Pompey Pirates look to close the literacy gap between rich and poor children

A NEW project has been launched across the city to help improve the reading, writing and confidence of children from disadvantaged backgrounds.

Wednesday, 24th June 2020, 2:55 pm
Updated Wednesday, 24th June 2020, 2:56 pm

This September, the Pompey Pirates Literacy Hub is to be launched in the Charles Dickens Ward where 44 per cent of children live in poverty. Government research shows children from low-income backgrounds are twice as likely to fall below expected levels of reading and writing by age 11 than their peers from wealthier homes.

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The Literacy Hub is an education charity working with The University of Portsmouth and Portsmouth City Council. The hub’s founder, Becca Dean, believes the need to narrow the ‘learning gap’ has become even more apparent since the onset of the coronavirus pandemic.

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Pompey Pirates Literacy Hub is helping disadvantaged children bridge the learning gap which has been made worse during the coronavirus pandemic.

Becca said: ‘Due to school closures in response to the pandemic our work has become even more crucial as the literacy gap between those less advantaged children and their peers is likely to become even wider.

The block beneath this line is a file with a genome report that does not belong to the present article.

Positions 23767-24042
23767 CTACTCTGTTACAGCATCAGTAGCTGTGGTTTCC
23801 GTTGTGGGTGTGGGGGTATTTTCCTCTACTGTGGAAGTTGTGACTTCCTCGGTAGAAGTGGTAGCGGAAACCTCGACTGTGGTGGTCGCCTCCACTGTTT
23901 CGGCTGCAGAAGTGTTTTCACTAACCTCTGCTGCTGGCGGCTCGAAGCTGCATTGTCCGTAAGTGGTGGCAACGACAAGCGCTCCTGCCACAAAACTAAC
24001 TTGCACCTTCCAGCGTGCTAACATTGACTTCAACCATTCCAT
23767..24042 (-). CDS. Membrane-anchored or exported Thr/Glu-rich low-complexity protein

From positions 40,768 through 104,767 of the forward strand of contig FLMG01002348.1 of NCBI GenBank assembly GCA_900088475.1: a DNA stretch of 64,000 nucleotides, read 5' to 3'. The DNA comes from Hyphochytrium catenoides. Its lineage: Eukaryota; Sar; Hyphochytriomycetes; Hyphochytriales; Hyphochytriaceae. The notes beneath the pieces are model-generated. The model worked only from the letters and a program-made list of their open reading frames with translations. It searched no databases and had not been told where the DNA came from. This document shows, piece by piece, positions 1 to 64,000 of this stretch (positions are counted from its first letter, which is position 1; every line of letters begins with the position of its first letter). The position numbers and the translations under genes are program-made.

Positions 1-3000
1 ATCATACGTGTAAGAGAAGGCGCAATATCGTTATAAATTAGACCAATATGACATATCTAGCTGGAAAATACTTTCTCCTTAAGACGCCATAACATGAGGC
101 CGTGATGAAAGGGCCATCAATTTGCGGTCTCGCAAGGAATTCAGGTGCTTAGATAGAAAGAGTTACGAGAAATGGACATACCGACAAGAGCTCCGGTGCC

‘Children from disadvantaged backgrounds are the ones who benefit the most from being in a school environment, where their needs can be supported. They are the children who, because of the school closures, are facing the most challenging learning circumstances because of a comparative lack of books, learning resources and IT.’

The learning programme for children aged nine to 13 will provide once-a-week targeted help for children identified by their schools as needing greatest support. The ‘Young Pirates’ will work in small groups on reading and creative writing projects and will see and hear some of their work broadcast on Express FM and at the city’s Number 6 Cinema.

Professor Sherria Hoskins, civic lead at the University of Portsmouth, said: ‘We are extremely excited to support the hubs because they offer a unique, creative and adventurous learning environment that inspire young people to improve their literacy skills and fall in love with reading and writing.’

With nearly a quarter of children in Portsmouth living in poverty, the charity are hoping to roll the programme out across the city.

Mike Stoneman, deputy director for education at Portsmouth City Council, said: ‘The Pompey Pirates will support schools in closing the literacy gap.’

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